The connection between this Java Gateway worker thread and the corresponding InterSystems IRIS session remains established until it is explicitly disconnected.
ObjectScript code that establishes a worker thread must explicitly disconnect before exiting. Otherwise, the assigned port for the connection stays “in use” and is unavailable for use in other connections. ObjectScript code can disconnect its thread by calling the Java Gateway API %Disconnect() method.
Java Gateway has two main modes of manipulation of Java objects:
Proxy Object Mode
— Allows you to statefully manipulate Java Objects from within InterSystems IRIS.
Stateless Service Mode
— Allows you to make simple calls to Java methods and return the results from within InterSystems IRIS.
Proxy Object Mode provides an easy way for InterSystems IRIS to interoperate with Java components. It allows Java Gateway to instantiate an external Java object and manipulate it as if it were a native object within InterSystems IRIS.
Static and Dynamic Proxy Objects
There are currently two kinds of proxy objects:
Static proxies (described in this section) are standard ObjectScript classes, which must be individually generated and compiled before they can be used. If a new version of the Java class changes the interface in any way, the corresponding proxy class must be regenerated and recompiled to match it.
(described in the next chapter, Using Dynamic Gateways
) are created at runtime by introspecting the current version of the Java class. They are not projected and stored as standard ObjectScript classes; they are simply created and used as needed by your application, and always reflect the current version of the Java class.
In use, dynamic proxies look and work exactly like static proxies. The only difference is how they are created. Static proxies have some useful features, and will continue to be supported, but dynamic proxies are recommended for most new development.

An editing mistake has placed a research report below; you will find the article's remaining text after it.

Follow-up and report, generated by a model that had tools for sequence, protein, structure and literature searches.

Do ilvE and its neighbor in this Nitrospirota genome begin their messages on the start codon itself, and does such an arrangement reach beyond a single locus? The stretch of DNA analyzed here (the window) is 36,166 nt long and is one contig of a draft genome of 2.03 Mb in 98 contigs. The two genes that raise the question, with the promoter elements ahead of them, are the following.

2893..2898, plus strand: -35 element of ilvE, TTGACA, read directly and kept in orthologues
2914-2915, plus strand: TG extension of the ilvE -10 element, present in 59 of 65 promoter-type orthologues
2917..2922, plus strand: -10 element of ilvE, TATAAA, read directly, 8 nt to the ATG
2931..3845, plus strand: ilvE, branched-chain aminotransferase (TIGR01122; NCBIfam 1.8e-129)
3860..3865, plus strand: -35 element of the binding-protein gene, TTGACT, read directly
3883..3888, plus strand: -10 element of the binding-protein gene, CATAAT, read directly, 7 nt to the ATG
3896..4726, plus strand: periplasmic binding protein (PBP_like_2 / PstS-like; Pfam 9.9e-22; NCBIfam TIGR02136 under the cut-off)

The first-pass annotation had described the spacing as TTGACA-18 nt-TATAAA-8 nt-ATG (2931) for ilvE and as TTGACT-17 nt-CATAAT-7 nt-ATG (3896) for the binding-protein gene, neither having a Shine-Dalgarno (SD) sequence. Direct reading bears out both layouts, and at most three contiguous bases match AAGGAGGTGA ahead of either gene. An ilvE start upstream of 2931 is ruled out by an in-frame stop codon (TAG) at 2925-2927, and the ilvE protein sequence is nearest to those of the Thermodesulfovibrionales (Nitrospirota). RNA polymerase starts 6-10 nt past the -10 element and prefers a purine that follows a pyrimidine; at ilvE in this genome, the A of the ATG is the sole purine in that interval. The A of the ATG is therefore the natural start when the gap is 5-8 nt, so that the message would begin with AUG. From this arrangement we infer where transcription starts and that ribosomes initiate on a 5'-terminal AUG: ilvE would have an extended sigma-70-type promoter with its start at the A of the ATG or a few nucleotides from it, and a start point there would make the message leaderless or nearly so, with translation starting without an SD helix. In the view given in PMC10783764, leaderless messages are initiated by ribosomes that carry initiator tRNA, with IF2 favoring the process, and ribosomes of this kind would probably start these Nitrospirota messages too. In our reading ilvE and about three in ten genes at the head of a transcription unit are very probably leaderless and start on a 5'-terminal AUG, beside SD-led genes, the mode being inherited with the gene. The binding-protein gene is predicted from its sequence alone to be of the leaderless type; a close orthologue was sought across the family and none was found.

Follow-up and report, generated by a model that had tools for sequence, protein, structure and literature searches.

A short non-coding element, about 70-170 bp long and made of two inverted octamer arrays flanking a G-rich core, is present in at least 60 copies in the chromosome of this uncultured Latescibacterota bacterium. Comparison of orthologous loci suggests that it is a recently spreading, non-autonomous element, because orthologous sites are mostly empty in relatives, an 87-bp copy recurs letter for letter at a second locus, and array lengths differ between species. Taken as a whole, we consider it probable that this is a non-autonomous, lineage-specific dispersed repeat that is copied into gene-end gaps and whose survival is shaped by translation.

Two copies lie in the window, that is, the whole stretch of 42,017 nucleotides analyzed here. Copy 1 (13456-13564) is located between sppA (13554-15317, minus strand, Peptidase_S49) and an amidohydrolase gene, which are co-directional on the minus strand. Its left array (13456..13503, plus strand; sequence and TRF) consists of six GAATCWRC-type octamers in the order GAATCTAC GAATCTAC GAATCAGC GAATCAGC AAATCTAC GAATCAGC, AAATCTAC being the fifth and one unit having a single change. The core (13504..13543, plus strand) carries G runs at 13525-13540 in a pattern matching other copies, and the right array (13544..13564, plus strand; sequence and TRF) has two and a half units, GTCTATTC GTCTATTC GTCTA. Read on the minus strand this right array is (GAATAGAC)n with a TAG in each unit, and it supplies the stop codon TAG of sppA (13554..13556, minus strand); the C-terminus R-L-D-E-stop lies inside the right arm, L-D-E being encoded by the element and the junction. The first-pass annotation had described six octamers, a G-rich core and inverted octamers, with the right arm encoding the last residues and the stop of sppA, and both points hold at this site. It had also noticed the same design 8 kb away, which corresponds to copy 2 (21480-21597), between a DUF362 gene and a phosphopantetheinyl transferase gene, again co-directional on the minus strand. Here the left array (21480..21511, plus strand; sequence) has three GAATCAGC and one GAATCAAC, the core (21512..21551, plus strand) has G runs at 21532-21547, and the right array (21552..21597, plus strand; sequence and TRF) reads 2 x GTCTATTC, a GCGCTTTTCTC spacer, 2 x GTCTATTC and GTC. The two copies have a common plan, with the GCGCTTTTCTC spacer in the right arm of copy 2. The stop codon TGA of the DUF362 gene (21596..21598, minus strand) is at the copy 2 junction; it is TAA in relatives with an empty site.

The external Java object is represented within InterSystems IRIS by a “wrapper” or “proxy” class. The proxy object appears and behaves just like any other InterSystems IRIS object, but it has the capability to issue method calls out to a Java virtual machine (JVM), either locally or remotely. Any method call on the proxy object triggers the appropriate class method inside the JVM.
You can use the Java Gateway to create proxy InterSystems IRIS classes for custom Java components. You can also create proxy mappings to existing Java interface specifications, such as the Java Database Connection (JDBC), Java Message Service (JMS), Enterprise Java Beans (EJB), Java Connector Architecture (JCA), etc. InterSystems IRIS can use this mapping to work with any implementation that is compliant with one of these specifications.
When generating proxies from large Java libraries and frameworks, the best approach is to build a small wrapper class that exposes just the functionality you want and then create a proxy for this wrapper. This makes the API between InterSystems IRIS and Java very clean and eliminates many potential issues dealing with how to map more esoteric features to a proxy object.
The following diagram provides a conceptual view of InterSystems IRIS and the Java Gateway at runtime while using Proxy Object Mode.
Java Gateway Operational Model